Author Interview: Rebecca Lloyd

Book Squirrel chats with Rebecca Lloyd, author of dark fiction and magical realism.

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Interview Orange

Book Squirrel chats with Rebecca Lloyd, author of dark fiction and magical realism.
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Welcome, Rebecca! It’s great to have you here.

Thank you, Book Squirrel!

I’m a big fan of the darker side of fiction. What is your favourite thing that you have written?

My novella Woolfy and Scrapo, available from The Fantasist Magazine, and it’s because, even though the characters are just a pair of gloves, their love for each other, as brothers, is very deep, slightly troubled, but happy. This book along with my novel Oothangbart is very different from my usual literary horror material because they celebrate innocence.

What’s your favourite thing that someone else has written?

Right at this moment it would be Lamb by Bonnie Nadzam, although I could have as easily chosen something from Walter de la Mare or Kevin Barry.

What’s the best book you’ve read this year?

The best book I’ve read this year is Lamb, a book which some people were very much against. What a brave writer to have written that and so beautifully.

What would you like people to know about being an Indie writer?

Although the distribution of your books might be a whole lot less than if you were an author with one of the gigantic publishers, there can be a great deal of pleasure in writing for a quite small body of readers, and pleasure as well in having a rewarding working relationship with your publisher if it is a company that is careful and respectful of its writers. Very few writers make much money from their books anyway whoever the publisher is, and so there’s a lot to be said for being involved with decent thoughtful independent publishers and those people they employ to do the artwork and editing. A lot of people might not agree with this thought… but it could also well be a blessing not to be tangled up with literary agents, those gate-keepers of the big publishing houses.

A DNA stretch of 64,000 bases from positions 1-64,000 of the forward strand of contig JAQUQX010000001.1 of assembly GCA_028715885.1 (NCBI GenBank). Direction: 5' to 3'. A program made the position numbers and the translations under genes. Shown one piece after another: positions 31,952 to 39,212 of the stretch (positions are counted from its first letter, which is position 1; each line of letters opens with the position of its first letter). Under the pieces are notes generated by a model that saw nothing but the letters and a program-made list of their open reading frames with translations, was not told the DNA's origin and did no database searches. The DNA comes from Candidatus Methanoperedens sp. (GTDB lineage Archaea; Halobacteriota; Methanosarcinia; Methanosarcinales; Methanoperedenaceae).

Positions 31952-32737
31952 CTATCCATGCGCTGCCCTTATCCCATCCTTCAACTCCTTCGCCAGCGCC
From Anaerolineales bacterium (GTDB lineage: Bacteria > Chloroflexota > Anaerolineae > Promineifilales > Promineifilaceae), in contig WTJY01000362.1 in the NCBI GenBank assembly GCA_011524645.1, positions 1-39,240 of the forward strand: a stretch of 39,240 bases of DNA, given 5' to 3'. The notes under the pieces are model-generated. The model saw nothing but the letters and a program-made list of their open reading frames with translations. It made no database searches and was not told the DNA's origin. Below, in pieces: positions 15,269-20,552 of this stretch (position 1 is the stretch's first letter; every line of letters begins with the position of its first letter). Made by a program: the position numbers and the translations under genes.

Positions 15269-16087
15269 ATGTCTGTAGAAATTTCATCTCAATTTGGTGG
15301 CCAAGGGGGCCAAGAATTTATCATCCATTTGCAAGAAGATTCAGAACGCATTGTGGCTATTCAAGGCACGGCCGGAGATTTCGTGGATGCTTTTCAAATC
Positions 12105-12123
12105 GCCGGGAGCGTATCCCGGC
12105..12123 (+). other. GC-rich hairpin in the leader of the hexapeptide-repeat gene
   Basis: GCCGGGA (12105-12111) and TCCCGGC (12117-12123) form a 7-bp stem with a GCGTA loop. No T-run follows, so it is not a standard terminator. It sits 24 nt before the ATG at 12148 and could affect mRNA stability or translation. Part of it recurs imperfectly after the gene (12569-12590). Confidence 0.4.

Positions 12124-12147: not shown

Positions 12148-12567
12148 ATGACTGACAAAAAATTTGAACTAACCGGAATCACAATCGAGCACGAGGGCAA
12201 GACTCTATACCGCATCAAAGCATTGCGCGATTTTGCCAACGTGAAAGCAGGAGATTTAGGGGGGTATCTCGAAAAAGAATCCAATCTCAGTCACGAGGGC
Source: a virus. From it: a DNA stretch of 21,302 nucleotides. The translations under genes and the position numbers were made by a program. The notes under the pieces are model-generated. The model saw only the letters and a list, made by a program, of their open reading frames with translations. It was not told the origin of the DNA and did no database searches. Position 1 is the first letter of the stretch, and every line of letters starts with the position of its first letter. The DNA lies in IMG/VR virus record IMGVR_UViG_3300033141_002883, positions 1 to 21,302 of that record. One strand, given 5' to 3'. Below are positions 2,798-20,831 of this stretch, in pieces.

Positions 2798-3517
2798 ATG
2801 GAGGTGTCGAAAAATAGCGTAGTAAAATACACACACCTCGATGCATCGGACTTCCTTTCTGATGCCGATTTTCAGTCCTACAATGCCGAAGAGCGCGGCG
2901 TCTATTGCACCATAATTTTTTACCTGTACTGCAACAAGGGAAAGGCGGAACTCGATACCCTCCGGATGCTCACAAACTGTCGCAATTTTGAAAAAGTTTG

When you were a kid, what did you want to be when you grew up?

A biologist, and then later on someone who studied parasites. First I became an ecologist and then a medical parasitologist which led me to Africa, which led me to writing.

What inspired you to write?

My very moving and humbling experiences of working as a medical parasitologist in a remote hospital in Tanzania. I wrote my first novel as a result of that work but I’m pretty sure no-one would want to publish it…. it being a very uncomfortable read, and equally sure that I wouldn’t want it published. But it was a great writing exercise.

What are you working on writing now?